The summer before senior year of college is no joke when it comes to your career. Not that any other summer is either, but it’s a pivotal point when preparing for your post-grad future.
For some undergraduate students, this internship may result in a job offer. This typically applies to students going into finance, consulting, accounting, and even engineering. In my field of marketing, it’s usually more about experience and connections.
I had a few companies in mind when I began my internship search in September. My #1 goal was to work at Jellyvision as their marketing intern because of their strong branding, great product, and impressive growth.
They’re known for ALEX, a communications software that helps people make smarter financial decisions when it comes to benefits, leave of absence, and more. They’re ranked high on lists of best places to work in Chicago, high growth companies, and have a female CEO. Since I want to work in tech startups and even be an entrepreneur one day, Jellyvision was a no-brainer for me.
But, Jellyvision has a high application volume and competitive interview process. They rejected me last summer and knew that I’d have to push harder to get my foot in the door this time around. So, here’s what I did to turn last year’s no into this year’s yes:
1. I took every opportunity to get more marketing experience.
Even though I’ve had a few internships under my belt, I wanted to make myself a more competitive applicant this year. I took a deep dive in researching the makeup of marketing teams at different tech companies. I wanted to see the different positions and skills that people had in the careers I wanted.
Over the last year, I took on different freelance projects in branding, writing, design, and strategy. I chose classes that developed my creativity and became involved in my school’s advertising agency. I even pivoted from the performance/dance side of theater to produce, which tapped into some marketing skills. Basically, I took what I loved and found a way to spin it into valuable experiences.
2. I networked, and not just with Jellyvision people.
Networking is important when it comes to building your career. I’m always trying to meet interesting people that can help me and that I can help too. Going into tech, female mentors are especially important to me. I reached out to professors, past internship connections, and anyone I could that could give me an intro to another person.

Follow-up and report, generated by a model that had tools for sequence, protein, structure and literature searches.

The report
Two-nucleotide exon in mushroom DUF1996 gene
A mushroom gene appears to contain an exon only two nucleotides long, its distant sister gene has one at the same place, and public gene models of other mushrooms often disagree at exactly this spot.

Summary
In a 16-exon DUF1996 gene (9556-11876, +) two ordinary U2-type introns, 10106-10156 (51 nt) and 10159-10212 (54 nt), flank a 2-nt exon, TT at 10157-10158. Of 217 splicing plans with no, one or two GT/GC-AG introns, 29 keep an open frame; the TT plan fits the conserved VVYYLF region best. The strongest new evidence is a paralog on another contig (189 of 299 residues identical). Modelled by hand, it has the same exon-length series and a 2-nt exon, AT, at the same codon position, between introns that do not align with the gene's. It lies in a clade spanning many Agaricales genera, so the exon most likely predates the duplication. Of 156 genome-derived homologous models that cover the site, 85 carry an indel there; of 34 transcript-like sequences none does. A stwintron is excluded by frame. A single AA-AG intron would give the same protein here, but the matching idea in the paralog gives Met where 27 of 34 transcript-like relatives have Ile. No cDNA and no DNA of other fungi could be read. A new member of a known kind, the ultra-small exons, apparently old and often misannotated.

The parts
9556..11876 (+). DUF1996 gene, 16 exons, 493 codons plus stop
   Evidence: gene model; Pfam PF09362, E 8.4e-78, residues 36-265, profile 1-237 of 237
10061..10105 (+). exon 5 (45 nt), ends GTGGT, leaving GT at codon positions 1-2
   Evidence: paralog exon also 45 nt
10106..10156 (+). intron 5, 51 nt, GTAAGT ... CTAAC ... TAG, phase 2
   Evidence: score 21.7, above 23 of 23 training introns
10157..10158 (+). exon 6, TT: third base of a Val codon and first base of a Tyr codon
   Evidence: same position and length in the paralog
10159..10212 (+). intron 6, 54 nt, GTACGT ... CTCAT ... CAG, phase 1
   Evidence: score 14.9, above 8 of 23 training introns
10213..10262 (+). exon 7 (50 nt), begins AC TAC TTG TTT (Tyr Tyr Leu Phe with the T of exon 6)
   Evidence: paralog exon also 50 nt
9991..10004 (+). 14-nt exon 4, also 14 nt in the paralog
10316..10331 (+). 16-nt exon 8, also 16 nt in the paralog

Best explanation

I did a ton of informational interviews, which armed me with advice — and by coincidence, connections to Jellyvision.
3. I reached out before they posted their marketing intern application.
This step took guts: I cold emailed the recruiter from Jellyvision I had spoken to last year. It was early January, and I knew they wouldn’t post for a while. I was already pretty far along in the interview process with other companies. So I wanted to make sure I was in front of mind when Jellyvision posted their internship.
Jellyvision wasn’t the only company I cold emailed either. I actually reached out to many companies, even ones I hadn’t interviewed in the past. Some of these emails led nowhere. But, a bunch of them led to interviews and interesting opportunities.
4. I applied to other positions.
Even though I really wanted Jellyvision, I made sure to keep my options open. I made sure I had backup options that I liked, and actually applied to over 100 internships.
If you’re thinking, “Wow! That’s a lot,” you’re not wrong. It was definitely a lot of work because I put in the same amount of energy into every cover letter and application. That high volume helped because it gave me the option to reject companies that were a good fit on paper, but not the best culture fit in interviews. It gave me the flexibility to be as picky about the companies as the companies were about interns.
5. I heavily researched the company.
I researched every company, but I focused more as I progressed in interviews. At Jellyvision, an important step of their process is what they call an audition. This is a fancy word for testing the skills you’d need in the job. I made sure that I learned everything I could about their product, people, and branding so that my work not only showed off my skills but naturally fit in with the company.
It’s a short list, and I’m sure there are plenty of other factors that helped me land this internship. Hopefully, this list can help you if you’re working towards your dream job. I’ll definitely be referencing it in a few months when I’m applying for full time, actual marketing jobs.